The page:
Marty Schottenheimer has died. The former linebacker and head coach, who won 200 regular-season games during his 21 years as a coach, died at age 77, according to a report by the Associated Press. Schottenheimer's family confirmed the news through Kansas City Chiefs publicist Bob Moore, announcing that he passed away on Monday in Charlotte, North Carolina. He had been in hospice since January 30 after being diagnosed with Alzheimer's in 2014.
Over the course of 21 seasons with the Cleveland Browns, Kansas City Chiefs, Washington and San Diego Chargers, he amassed a record of 200-126-1, making him the seventh-winningest regular-season coach in NFL history.
Kansas City Chiefs Chairman and CEO Clark Hunt released a statement after the news of the franchise's former coach became public.
"Our family and the entire Chiefs Kingdom mourn the loss of Marty Schottenheimer, and our prayers and heartfelt condolences are with his wonderful wife Pat and the entire Schottenheimer family today. Marty will rightfully be remembered as one of the greatest coaches in NFL history, but his legacy extends far beyond his winning percentage. He was a passionate leader who cared deeply for his players and coaches, and his influence on the game can still be seen today on a number of coaching staffs around the league."
Schottenheimer Found Success In The Regular Season, But Struggled In The Playoffs
Schottenheimer was born on September 23, 1943, in Canonsburg, Pennsylvania. He went on to play as a linebacker for the University of Pittsburgh before being drafted by the NFL's Baltimore Colts and AFL's Buffalo Bills in each league's respective 1965 drafts. He chose to join the Bills, kicking off a career that ran from 1965 to 1971, and saw him also join the Boston Patriots. Following his retirement in 1971, Schottenheimer took several years off before joining the World Football League's Portland Storm as a player-coach. He spent the next decade in defensive coaching roles with the New York Giants, Detroit Lions and Cleveland Browns. He received his first head coaching role in 1984, when he was promoted from defensive coordinator by the Browns.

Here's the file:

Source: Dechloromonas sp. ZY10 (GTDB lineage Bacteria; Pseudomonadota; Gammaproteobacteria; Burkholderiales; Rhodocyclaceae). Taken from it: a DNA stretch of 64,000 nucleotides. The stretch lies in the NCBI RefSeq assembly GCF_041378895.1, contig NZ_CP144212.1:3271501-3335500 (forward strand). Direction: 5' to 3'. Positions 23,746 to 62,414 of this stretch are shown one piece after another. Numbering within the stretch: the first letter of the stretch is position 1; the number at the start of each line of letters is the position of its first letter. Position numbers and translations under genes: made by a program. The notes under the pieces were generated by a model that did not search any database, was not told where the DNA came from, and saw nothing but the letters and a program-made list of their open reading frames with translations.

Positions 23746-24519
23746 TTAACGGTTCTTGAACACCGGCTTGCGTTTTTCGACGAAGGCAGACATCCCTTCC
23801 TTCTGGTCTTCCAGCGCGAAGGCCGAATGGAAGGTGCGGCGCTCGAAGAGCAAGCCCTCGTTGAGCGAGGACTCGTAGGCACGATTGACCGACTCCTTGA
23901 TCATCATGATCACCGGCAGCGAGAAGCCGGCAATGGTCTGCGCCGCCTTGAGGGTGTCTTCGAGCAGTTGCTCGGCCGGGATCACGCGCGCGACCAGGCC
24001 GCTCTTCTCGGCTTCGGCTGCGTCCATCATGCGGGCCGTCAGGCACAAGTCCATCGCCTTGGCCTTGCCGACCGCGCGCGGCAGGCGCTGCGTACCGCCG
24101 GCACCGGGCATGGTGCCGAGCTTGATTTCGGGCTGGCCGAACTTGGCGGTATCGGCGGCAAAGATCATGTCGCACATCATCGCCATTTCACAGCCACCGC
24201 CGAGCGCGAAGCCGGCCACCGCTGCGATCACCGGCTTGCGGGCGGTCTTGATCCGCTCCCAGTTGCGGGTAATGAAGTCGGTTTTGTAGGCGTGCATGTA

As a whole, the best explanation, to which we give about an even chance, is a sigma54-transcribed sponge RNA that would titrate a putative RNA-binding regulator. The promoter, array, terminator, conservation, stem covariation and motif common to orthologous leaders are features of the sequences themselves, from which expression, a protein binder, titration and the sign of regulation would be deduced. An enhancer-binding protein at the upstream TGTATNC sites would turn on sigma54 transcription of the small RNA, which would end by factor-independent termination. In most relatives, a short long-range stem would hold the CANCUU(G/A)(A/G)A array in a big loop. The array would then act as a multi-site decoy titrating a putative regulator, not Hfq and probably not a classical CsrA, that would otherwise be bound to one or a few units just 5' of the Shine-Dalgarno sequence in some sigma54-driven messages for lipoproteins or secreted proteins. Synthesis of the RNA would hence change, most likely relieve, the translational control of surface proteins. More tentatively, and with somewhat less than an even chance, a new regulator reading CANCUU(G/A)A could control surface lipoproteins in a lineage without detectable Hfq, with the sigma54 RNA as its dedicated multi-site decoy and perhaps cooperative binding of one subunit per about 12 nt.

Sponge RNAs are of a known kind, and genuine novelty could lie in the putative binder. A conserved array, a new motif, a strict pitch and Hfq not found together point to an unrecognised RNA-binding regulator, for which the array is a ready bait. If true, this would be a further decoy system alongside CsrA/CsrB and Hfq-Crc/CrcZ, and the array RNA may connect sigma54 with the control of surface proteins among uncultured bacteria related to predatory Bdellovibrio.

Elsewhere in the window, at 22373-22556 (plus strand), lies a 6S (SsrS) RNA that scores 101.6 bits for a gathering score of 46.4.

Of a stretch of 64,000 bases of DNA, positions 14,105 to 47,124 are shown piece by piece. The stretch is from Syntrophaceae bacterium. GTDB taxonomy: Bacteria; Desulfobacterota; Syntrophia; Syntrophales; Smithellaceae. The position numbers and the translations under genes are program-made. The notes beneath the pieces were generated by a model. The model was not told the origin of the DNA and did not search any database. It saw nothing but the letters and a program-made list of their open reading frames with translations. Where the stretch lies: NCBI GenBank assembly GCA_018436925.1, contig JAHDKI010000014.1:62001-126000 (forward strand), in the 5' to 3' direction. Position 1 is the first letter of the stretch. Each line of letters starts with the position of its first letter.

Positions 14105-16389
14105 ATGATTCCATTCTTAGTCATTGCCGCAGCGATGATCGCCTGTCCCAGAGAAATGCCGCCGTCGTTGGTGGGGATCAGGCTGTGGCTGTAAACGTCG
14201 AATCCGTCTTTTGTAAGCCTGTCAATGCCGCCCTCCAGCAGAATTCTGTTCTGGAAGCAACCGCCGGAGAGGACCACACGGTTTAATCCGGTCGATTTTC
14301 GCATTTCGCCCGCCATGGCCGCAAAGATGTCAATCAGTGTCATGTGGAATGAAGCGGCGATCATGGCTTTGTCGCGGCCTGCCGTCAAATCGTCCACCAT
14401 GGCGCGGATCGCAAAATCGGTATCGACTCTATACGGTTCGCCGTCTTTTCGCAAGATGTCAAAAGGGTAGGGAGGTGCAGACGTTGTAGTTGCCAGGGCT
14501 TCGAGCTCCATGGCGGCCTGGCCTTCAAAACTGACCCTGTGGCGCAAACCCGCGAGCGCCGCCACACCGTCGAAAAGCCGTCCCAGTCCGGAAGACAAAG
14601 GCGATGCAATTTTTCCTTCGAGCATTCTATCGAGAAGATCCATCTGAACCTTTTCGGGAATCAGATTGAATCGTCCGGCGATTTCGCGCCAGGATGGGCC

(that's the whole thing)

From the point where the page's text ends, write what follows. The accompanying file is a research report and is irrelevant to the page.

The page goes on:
During his four years in Cleveland, Schottenheimer amassed a respectable record of 44–27. Unfortunately, the team struggled in the playoffs and found themselves victim to the Denver Broncos in two particularly heartbreaking losses, known by fans as "The Drive" and "The Fumble." In 1989, Schottenheimer was hired as the head coach of the Kansas City Chiefs, where he stayed until 1998. His 10 seasons saw him achieve similar regular-season success, picking up a 101–58–1 record and three division titles. However, his playoff woes continued, as the Chiefs never reached the Super Bowl during his tenure and only made the AFC Championship game once during their seven playoff appearances.
After a brief period working as an analyst with ESPN, Schottenheimer joined the team formerly known as the Washington Redskins in 2001. Despite bouncing back from a 0-5 start, his final record of 8–8 was not good enough and he was fired after a single season. He was hired by the San Diego Chargers in 2002. Schottenheimer helped mold some of the team's talented players such as Drew Brees and LaDainian Tomlinson, but his two playoff appearances with the franchise once again resulted in disappointment. He was fired in 2007 due to issues with management.
Schottenheimer Finally Won A Championship In 2011
Schottenheimer returned to coaching in 2011 after another tenure with ESPN, when he was hired by the Virginia Destroyers of the UFL. He won a championship during the 2011 UFL season, his only year in Virginia and the first championship of his career.
Schottenheimer has been married to his wife Pat since 1968. They had two children together, daughter Kristen and son Brian. Brian is currently the passing game coordinator and quarterbacks coach for the Jacksonville Jaguars.